By Akinyinka Omigbodun
IN Nigeria, access and quality of health care services are a challenge, particularly for disadvantaged populations. While health services are far better in the urban, compared to the rural areas, there remains a significant variation in health care services across the various strata of the urban settlements, with the urban slum in the lowest rung. Quality of health care in the urban slum is sometimes worse than what obtains in some rural areas.
According to UN-Habitat, over 880 million people live in urban slums globally. A sizeable proportion of this figure is in sub-Saharan Africa, with Nigeria having the largest number. Ibadan in Oyo State, is a huge metropolis in one of the most urbanized parts of the nation. Several factors have aided the rapid and poorly planned urbanization of the city, right from the colonial period until now. One of the visible outcomes of the unplanned urbanization of the city is the emergence of slums.
Slums are neighbourhoods, either in the traditional city core or at the edge of the city, which are often highly populated, have poor access to basic amenities such as water and sanitation. They are filled with poor quality of buildings due to the low quality of housing materials used for construction. There are currently not less than twelve clearly identifiable slums in Ibadan metropolis. The health of the slum dwellers is a source of concern because they are often marginalised in terms of access to health facilities and the allocation of resources.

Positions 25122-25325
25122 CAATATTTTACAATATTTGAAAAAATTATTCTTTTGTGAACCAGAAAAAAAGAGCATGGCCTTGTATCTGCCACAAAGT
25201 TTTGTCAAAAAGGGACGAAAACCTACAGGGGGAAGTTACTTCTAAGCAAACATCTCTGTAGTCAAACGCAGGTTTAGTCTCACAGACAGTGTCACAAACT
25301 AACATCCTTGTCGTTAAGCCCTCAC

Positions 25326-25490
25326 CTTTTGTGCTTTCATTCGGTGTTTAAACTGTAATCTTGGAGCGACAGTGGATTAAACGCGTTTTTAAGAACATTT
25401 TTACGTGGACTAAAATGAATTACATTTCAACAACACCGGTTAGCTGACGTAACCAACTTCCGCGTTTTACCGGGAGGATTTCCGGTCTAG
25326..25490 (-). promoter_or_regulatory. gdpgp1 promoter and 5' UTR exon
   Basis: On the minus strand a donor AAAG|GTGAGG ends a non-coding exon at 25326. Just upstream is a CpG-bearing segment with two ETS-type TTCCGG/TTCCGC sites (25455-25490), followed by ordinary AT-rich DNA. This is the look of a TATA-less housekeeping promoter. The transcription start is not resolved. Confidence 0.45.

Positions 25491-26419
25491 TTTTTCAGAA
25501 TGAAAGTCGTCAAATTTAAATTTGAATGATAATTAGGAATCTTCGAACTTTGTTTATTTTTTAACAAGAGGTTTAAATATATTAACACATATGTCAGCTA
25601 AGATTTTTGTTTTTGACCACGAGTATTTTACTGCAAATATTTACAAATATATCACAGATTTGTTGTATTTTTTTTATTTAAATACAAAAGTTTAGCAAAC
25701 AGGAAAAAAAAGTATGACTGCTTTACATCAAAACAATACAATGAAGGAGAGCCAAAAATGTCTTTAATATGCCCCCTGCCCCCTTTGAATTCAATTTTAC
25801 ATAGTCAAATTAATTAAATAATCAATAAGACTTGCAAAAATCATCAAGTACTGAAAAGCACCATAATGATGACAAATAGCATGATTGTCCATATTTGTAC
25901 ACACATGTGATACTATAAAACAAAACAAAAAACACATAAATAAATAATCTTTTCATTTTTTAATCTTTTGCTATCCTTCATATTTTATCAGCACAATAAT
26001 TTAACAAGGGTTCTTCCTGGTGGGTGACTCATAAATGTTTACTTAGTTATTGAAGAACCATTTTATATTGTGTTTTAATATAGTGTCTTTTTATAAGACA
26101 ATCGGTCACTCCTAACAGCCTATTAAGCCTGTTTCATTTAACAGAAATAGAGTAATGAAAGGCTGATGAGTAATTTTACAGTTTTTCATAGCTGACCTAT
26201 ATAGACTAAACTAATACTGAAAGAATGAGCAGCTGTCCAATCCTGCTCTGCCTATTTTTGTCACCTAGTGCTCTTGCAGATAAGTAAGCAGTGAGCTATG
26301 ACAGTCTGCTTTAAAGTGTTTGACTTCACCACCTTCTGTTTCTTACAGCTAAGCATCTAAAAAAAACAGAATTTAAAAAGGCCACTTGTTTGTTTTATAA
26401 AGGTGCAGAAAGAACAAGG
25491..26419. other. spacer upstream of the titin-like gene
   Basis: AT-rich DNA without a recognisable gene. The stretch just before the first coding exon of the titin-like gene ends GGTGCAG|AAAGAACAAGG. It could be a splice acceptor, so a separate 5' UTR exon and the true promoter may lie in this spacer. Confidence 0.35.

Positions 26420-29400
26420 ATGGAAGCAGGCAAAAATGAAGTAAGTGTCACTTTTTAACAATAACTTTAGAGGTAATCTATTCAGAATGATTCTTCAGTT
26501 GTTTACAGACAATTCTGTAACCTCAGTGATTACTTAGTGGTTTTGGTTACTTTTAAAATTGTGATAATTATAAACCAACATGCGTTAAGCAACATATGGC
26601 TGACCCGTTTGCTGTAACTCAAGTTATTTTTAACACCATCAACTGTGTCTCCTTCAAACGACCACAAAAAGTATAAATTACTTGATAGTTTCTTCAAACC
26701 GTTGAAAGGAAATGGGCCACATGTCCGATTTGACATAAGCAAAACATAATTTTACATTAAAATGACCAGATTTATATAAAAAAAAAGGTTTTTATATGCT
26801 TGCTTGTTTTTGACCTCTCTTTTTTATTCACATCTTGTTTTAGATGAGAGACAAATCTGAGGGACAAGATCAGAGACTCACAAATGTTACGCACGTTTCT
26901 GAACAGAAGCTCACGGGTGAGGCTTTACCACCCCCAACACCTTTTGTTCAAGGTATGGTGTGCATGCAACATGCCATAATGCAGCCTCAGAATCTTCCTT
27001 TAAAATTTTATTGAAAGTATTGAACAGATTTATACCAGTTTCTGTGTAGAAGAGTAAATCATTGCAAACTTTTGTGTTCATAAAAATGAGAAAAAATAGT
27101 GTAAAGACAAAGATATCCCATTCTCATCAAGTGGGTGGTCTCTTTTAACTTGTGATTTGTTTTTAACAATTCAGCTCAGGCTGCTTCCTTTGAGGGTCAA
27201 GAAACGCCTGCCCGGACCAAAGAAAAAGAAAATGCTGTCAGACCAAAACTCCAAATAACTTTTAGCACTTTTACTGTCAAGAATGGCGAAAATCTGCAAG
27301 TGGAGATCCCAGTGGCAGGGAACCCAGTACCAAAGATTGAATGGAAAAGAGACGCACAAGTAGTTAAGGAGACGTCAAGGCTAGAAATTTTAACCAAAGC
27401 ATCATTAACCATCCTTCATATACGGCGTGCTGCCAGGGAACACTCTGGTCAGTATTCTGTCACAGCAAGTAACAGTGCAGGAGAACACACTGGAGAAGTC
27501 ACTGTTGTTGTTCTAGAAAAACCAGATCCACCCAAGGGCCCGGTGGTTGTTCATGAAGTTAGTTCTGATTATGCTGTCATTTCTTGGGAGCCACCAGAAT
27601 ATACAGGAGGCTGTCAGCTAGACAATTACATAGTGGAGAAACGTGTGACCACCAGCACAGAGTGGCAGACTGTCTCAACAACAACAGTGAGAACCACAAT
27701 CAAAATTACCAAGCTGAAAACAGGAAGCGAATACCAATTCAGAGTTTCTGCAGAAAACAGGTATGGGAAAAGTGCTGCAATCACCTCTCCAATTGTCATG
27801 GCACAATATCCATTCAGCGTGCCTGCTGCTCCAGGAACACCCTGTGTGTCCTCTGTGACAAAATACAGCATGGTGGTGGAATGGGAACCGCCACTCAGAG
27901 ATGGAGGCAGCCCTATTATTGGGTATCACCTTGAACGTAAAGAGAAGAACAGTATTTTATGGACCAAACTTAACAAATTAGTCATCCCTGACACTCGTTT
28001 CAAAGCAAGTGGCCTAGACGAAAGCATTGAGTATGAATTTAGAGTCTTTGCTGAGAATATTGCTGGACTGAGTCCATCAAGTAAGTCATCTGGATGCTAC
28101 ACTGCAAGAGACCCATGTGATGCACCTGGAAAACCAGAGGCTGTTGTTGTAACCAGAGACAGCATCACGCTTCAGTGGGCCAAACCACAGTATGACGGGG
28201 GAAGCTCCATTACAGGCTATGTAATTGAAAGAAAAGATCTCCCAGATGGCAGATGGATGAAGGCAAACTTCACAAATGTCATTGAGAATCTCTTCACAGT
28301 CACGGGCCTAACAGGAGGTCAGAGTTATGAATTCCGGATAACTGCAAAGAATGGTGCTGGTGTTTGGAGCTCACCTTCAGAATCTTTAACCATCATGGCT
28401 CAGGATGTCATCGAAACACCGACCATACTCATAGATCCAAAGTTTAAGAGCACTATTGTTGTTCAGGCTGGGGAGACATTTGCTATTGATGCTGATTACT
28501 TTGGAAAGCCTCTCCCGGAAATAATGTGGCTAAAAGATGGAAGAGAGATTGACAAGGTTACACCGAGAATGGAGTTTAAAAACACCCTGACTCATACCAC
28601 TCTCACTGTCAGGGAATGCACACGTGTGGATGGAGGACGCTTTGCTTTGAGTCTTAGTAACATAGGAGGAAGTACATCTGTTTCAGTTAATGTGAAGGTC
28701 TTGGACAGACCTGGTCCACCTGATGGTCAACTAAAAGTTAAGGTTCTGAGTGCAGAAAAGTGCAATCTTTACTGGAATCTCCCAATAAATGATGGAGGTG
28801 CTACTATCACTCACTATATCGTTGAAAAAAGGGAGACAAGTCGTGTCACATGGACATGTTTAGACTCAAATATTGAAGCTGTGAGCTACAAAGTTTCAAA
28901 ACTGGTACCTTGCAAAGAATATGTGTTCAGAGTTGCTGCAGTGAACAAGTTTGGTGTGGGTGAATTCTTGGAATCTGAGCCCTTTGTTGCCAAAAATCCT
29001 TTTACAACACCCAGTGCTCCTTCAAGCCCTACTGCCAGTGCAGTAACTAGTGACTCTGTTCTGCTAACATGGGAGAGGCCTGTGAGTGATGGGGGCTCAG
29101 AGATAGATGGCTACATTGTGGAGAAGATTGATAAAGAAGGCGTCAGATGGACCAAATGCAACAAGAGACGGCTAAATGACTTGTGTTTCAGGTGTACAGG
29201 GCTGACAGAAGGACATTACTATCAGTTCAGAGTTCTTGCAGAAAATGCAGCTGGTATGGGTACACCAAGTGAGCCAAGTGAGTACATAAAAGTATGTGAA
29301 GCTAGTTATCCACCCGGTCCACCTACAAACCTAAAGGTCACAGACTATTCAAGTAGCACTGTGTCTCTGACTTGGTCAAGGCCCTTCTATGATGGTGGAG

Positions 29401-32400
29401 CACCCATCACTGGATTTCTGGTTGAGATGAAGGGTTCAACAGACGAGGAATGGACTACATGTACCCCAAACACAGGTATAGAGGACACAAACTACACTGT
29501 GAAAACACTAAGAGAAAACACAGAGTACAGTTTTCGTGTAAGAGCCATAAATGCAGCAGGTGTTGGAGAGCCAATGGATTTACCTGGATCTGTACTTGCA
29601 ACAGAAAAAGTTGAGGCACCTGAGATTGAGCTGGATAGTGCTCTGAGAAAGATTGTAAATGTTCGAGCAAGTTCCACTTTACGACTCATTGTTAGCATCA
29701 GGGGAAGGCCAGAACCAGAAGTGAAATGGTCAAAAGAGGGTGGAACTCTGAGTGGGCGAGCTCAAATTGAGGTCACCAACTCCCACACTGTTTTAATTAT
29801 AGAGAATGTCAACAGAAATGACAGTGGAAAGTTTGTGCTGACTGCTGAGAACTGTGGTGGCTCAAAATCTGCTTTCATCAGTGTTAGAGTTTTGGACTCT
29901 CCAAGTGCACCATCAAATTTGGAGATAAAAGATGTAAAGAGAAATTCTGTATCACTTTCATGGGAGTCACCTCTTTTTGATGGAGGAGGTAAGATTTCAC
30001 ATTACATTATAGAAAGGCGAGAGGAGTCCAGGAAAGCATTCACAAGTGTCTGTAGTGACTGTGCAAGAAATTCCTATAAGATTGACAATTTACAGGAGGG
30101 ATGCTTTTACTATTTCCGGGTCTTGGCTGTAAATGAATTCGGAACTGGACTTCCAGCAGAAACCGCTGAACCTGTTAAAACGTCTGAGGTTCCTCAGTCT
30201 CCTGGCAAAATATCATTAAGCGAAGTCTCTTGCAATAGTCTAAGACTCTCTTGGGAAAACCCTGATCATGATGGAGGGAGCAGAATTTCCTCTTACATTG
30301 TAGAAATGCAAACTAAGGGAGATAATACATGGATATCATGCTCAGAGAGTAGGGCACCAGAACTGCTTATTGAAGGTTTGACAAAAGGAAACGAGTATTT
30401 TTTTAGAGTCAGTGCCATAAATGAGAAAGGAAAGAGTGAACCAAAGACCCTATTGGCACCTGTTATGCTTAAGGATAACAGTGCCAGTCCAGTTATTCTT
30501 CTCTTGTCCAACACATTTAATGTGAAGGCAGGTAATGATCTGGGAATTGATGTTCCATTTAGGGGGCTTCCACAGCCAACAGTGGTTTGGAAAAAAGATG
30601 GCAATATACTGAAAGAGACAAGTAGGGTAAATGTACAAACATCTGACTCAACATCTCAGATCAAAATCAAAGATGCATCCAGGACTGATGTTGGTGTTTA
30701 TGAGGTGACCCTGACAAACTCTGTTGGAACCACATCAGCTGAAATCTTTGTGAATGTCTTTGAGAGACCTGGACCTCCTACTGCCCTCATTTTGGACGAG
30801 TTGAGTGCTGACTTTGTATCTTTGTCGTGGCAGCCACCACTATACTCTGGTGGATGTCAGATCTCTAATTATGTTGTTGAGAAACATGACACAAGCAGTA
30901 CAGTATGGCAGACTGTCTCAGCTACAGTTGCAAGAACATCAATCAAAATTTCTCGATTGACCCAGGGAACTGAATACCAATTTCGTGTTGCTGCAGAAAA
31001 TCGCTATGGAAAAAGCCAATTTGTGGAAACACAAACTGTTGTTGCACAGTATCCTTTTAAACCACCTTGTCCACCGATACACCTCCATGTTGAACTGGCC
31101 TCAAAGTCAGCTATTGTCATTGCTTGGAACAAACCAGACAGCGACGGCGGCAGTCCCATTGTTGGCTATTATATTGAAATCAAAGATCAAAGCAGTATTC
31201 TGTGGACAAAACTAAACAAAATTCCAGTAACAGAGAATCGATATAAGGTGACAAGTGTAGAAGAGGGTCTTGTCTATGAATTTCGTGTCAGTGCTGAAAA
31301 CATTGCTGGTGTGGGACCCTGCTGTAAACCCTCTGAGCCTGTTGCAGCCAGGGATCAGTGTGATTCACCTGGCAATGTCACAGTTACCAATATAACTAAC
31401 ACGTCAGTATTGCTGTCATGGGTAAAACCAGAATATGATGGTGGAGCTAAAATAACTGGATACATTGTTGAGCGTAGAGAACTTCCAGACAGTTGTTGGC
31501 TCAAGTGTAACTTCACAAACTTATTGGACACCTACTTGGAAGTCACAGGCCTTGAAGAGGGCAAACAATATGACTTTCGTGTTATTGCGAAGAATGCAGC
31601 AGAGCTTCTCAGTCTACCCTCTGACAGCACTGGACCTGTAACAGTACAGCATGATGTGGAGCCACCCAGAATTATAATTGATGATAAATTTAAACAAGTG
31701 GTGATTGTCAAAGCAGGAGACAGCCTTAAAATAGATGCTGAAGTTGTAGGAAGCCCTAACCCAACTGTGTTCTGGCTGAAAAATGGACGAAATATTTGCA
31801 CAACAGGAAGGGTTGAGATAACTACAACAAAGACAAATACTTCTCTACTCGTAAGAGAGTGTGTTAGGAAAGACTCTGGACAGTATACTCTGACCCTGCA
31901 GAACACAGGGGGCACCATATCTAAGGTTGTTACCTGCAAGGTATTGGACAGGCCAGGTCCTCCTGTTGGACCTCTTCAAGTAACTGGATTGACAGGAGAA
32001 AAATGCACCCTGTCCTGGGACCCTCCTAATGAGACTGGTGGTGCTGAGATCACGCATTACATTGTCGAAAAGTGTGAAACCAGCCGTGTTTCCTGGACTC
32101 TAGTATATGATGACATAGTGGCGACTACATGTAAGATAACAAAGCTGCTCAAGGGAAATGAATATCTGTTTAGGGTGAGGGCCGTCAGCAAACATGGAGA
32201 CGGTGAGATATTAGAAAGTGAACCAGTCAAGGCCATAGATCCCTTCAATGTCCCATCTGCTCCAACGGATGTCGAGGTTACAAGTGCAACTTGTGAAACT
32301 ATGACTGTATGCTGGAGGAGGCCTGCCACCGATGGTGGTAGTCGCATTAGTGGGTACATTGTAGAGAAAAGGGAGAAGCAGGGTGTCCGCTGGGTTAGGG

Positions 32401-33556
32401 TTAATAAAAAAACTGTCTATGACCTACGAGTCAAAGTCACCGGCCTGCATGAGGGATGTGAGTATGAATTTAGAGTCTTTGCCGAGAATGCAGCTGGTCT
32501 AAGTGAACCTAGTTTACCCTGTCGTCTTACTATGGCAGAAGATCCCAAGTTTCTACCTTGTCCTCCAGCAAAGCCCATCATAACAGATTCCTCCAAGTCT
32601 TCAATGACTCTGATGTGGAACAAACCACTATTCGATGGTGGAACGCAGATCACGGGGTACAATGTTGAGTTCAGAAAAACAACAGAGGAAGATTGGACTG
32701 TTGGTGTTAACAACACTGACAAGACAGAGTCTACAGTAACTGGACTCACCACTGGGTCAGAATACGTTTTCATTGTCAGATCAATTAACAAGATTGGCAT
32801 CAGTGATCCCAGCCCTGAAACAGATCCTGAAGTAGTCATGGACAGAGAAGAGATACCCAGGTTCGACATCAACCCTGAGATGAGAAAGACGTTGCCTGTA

In this article, we share the findings of a study funded by UK National Institute for Health Research on health status and access to care in two slum communities in Ibadan (Idi-Ikan and Sasha). The University of Ibadan Urban Health research team which comprised Prof. Akinyinka Omigbodun, Prof. Eme Owoaje, Dr. Funke Fayehun, Dr. Olalekan Taiwo, Dr. Doyin Odubanjo and Dr. Motunrayo Ajisola executed the project.